Pavel Bure spent twelve years in the NHL with three different teams. Along the way he earned the Calder Trophy, the Rocket Richard (twice), and finally this week election to the Hockey Hall of Fame. Bure holds a place on most “what-if” lists – what would a post-lockout Bure have accomplished? Would an already impressive career have been flat-out ridiculous? Thanks to two ACL reconstructions and a torn meniscus, the what-ifs will stay what-ifs. Canucks (and Panthers and Rangers) fans may want to spare their own feelings and turn away as I break down the knee injuries that stopped Bure in his (very speedy) tracks.
The ACL: Significantly more important than Pierre McGuire thinks.
Pierre added to my enjoyment of the draft last week with his assertion that an ACL tear isn’t a big deal like it used to be. The anterior cruciate ligament (ACL) is absolutely a big deal. It connects the femur (upper leg) to the tibia (lower leg), and keeps the knee stable by preventing the lower leg from rotating too far or from sliding forward out from under the upper leg.
The ACL’s job is obvious when you consider that the test for an ACL tear – the anterior drawer – involves a kindly doctor grabbing hold of the lower leg and yanking on it to see if it slides out from under the knee (like a drawer). That test is as gross and painful as it sounds if you’re the owner of the torn ACL in question.
An ACL tear can happen as a result of a direct blow to the knee, a sudden change in direction, or a hard landing. In Bure’s case, he tore his right ACL in November of 1995 in a game against the Chicago Blackhawks after an awkward hit and/or grab and/or fall (depending on who you ask). Chicago’s Steve Smith grabbed Bure by the head (or just lightly hit him), leading to his skate sticking between the ice and boards and an awkward fall. This led to his first reconstruction, and the end of his season.
How to build your own ACL (but not really)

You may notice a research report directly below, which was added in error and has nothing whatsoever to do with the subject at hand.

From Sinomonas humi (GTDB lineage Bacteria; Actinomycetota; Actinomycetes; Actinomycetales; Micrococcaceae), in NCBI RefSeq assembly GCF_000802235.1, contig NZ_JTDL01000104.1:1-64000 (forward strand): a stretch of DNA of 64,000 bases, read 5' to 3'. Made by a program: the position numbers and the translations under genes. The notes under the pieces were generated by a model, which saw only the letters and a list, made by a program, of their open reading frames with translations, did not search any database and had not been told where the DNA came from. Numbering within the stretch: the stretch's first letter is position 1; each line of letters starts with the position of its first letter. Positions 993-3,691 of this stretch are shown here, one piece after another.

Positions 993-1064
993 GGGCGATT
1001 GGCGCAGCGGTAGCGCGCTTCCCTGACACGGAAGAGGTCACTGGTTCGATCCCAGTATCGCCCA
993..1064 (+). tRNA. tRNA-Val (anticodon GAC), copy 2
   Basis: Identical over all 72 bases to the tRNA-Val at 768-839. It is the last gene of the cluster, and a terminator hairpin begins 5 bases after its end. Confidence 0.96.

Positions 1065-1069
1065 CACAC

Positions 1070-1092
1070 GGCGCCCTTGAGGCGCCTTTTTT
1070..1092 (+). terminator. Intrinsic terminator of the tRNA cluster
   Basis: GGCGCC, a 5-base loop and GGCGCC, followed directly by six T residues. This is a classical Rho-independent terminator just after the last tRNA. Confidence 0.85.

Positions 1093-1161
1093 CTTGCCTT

If you’re not a very active person with no need to move very quickly or change direction in a hurry, you can probably live quite happily with a torn ACL. A knee brace and some physio to strengthen the muscles around your knee and you’ll be back to the mall-walkers club in no time. If you’re an NHL hockey player (or really anyone other than an inactive grandma/pa), that’s not an option. You need an ACL. ACLs don’t like to be repaired, so they have to be replaced. You can find a replacement ligament in a few places – various places on your own leg, or from a cadaver. Studies have shown that you can get similar outcomes whether it’s your own graft or a dead guy graft in terms of post-op function. In Bure’s case, a portion of his own hamstring tendon was used to reconstruct his ACL.
But don’t you need your hamstring?
Yes, of course. The good news is you’ve got an extra little bit of hamstring that you’re not really using (the semitendinosus), that makes for a brand-new ACL that’s really quite strong. Problematically, it turns out that harvesting those extra hamstring pieces affects the strength of the knee joint, particularly the flexor muscles (the ones that bend aka flex the knee). This is part of the reason rehabbing an ACL reconstruction takes so long, and why it’s still a big deal now (just like it was in 1995).
The extra hamstring piece is folded back on itself a few times, and is attached to the femur and the tibia in any one of a few different ways (screws in the bone, absorbable screws in the bone, sutures wrapped around screws in the bone, etc). The repair is generally done arthroscopically (through several tiny incisions), and you’ll go home the same day. There you’ll suffer through six long months of sucky rehab.